Diseases that affect climbing roses are for the most part the same as those that affect bush roses. Leaves, flowers, stems and seeds all can be damaged by disease, and in the worst cases, death of the rose occurs. The good news is that today’s climbing roses are much more disease resistant than in generations past, and are, in fact, less often affected than shrubs.
There are three main types of rose disease: fungal, viral and bacterial. Common fungal diseases include black spot, rust and powdery mildew; rose mosaic is the most common viral rose disease, while the most common bacterial rose disease is crown gall. Each type must be treated differently; while fungal infections are the most common, bacterial and viral infections often have the more serious consequence of requiring the pulling out of the plants.
Many plant diseases are limited by geography or climate. Choose your climbing roses with an eye to your location and consult a garden center if you’re unsure. Plants that are billed as disease-resistant in some areas could be disease-prone in others. For instance, fungal diseases are more common in humid, warm climates than in northern, dry areas. Fungal infections in all types of plants are more common in USDA cold hardiness Zones 5 to 8. Powdery mildew in particular requires extended warm, wet periods to arise. The rose mosaic virus is widespread across the United States and Europe.
To treat a climbing rose disease, you must first identify it. Black spot fungus can be seen as round black spots on leaves, which is followed by yellowing leaves. Stems also swell and redden before blackening into lesions. A similar fungus is called anthracnose, which produces dark spots on leaves, progressing to holes in the leaves.
Rust infection shows as rust-colored spots on the underside of rose leaves. In powdery mildew, white or gray patches of fuzzy mildew show up on leaves, buds and twigs. A less common but more damaging fungus is downy mildew, which creates dark purple spots edged with yellow.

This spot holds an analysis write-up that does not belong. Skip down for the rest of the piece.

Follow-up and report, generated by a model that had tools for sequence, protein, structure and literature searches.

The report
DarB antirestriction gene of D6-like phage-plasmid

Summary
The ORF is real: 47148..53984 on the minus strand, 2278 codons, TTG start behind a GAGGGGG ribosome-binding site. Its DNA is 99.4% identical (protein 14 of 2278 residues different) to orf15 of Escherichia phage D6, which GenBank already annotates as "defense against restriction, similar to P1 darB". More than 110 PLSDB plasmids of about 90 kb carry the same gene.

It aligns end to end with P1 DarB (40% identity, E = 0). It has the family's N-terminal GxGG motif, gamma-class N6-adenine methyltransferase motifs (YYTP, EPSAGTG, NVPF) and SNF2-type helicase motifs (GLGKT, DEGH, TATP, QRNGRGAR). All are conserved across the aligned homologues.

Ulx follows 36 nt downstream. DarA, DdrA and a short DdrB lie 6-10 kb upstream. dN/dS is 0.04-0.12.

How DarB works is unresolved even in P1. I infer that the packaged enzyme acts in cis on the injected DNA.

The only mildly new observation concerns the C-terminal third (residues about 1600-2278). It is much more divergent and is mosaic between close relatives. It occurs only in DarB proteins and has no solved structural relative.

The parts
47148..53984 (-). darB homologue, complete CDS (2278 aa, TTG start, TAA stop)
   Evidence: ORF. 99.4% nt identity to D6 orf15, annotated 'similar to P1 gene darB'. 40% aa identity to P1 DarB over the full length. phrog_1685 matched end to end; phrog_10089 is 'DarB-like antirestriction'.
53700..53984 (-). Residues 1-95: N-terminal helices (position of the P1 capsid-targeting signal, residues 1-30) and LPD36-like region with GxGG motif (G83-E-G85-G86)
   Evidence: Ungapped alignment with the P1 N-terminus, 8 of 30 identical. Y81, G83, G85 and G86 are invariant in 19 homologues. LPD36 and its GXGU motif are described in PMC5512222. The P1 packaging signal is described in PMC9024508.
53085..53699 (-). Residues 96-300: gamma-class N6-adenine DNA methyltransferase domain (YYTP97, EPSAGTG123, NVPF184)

The rose mosaic virus causes yellow lines, rings and irregular spots on leaves and stunts plant growth. The bacteria that causes crown gall enters through plant wounds and produces a woody growth or gall on the stem or root.
Fungal infections require warm, wet conditions to incubate. Good air circulation through your climbing roses will help prevent fungus; prune or thin plants so they are not crowded and plant them in a full sun location so they dry after rain.
When watering, avoid getting leaves wet and don’t overfertilize your roses. Plant in well-drained soil.
To prevent crown gall, avoid injuring the roses while planting or digging, especially at the crown or roots. Rose mosaic virus is only spread through cutting and grafting, so you must take care to choose rose stock from nurseries that are virus free.
You also can select roses that are more disease resistant; one such climbing rose is “William Baffin.”
Many diseases can be treated with fungicides or bactericides. Home remedies such as mild detergent, vinegar spray or pepper spray can sometimes be effective. To help with black spot or rust, spray plants with a combination of lime sulfur and dormant oil in the spring. To kill powdery mildew, spray with potassium bicarbonate.
Viral diseases are usually not curable and must be controlled instead. Removing plants with viruses from your garden is the best way to prevent the disease from spreading. That includes roses with rose mosaic, its cousin tobacco mosaic and the rare but virulent rose rosette virus. Bacteria-infected plants might also need to be culled, but some infections can be eradicated through treatment.